BY JAY COST
Sean Trende has an important column that connects presidential job approval to reelection results. You really should read the whole thing, but here is the big take home point:
[I]ncumbent elections have historically looked more like referenda than choices, and so far, this election is looking like one as well. Voters who approve of the incumbent largely vote for him; those that do not approve of the incumbent vote for the challenger, except in extreme circumstances.
This is exactly right, and something I have been discussing for some time now. It also points to why I think the conventional wisdom of President Obama being a heavy favorite for reelection is massively oversold.
In fact, I’d argue that he is an underdog. For a simple reason: A majority of Americans do not think Obama is doing a good job, and they have thought that for a very long time.
Now, let’s be clear. It is not an overwhelming majority of Americans, not by any stretch. We are not in Nixon ’74, Carter ’79, or Bush ’08 territory with Obama. However, we have seen a durable 50-55 percent of Americans either disapprove or at least not approve of his job performance for quite a while.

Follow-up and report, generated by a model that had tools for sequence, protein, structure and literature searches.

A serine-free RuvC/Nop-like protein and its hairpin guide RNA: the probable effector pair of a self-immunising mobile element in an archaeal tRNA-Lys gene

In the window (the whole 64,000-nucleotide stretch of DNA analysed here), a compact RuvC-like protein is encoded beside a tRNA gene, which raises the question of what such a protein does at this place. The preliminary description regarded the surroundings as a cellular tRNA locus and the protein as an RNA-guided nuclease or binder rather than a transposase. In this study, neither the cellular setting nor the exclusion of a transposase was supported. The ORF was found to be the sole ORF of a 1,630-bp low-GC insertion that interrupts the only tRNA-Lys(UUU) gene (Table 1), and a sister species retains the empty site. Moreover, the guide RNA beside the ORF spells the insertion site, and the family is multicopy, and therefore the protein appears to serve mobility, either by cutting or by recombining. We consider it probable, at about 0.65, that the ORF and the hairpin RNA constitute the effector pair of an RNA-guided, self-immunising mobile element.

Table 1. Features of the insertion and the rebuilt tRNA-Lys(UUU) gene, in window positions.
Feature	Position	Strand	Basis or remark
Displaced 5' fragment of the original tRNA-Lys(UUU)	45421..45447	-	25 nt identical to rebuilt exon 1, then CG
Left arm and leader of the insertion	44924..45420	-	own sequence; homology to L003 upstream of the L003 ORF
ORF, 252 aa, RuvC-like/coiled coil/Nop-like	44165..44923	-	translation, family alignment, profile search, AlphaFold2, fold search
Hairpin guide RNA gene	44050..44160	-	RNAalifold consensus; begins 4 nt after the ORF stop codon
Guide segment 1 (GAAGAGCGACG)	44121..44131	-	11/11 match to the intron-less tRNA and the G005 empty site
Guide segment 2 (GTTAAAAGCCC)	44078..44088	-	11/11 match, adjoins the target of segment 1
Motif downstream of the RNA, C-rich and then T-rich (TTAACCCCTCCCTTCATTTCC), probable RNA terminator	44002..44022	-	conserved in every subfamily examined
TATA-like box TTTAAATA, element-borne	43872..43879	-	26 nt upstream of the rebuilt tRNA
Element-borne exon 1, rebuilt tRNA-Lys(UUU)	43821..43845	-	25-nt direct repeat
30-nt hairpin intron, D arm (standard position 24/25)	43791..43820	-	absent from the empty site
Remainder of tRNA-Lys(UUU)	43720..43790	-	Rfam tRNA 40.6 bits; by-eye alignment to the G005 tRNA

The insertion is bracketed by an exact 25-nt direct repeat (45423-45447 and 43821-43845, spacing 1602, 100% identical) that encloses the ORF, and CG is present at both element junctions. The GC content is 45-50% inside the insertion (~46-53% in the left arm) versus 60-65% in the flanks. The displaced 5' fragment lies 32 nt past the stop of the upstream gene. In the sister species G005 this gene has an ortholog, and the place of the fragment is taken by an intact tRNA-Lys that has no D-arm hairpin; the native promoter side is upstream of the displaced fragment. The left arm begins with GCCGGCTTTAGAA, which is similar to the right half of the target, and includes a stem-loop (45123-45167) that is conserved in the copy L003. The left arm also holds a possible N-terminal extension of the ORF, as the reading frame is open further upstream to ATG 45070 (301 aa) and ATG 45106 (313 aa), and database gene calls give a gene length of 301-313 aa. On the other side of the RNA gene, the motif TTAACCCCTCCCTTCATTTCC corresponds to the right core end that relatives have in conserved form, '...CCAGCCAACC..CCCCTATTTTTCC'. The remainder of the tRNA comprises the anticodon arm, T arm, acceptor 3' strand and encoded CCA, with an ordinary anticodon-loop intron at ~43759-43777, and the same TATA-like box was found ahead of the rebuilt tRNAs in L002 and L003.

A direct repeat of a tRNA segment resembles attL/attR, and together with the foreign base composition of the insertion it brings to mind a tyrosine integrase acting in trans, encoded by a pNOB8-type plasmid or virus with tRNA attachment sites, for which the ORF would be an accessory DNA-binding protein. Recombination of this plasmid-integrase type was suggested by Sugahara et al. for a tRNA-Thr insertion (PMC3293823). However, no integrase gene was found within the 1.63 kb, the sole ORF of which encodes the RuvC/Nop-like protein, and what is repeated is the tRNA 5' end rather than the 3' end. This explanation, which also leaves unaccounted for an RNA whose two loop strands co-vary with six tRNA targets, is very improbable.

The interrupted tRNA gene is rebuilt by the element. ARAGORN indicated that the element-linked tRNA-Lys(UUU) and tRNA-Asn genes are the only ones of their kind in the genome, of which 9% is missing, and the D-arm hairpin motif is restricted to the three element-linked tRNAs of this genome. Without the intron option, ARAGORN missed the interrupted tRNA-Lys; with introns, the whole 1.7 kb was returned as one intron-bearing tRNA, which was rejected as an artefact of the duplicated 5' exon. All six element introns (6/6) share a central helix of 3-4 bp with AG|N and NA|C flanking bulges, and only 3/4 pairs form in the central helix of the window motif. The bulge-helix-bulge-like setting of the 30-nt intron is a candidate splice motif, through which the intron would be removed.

To appreciate this, consider the following picture, which tracks Obama’s job approval in the RealClearPolitics average, from the beginning of his term through the end of 2009.
The president entered office with enormous public support, which he retained even after the relatively controversial stimulus bill. It was only when the health care debate started to heat up – between Memorial Day and Labor Day – that his numbers fell. And boy did they fall. On June 1, 2009 his net approval was a solid +28.2, but by September 1 it was at +7.8.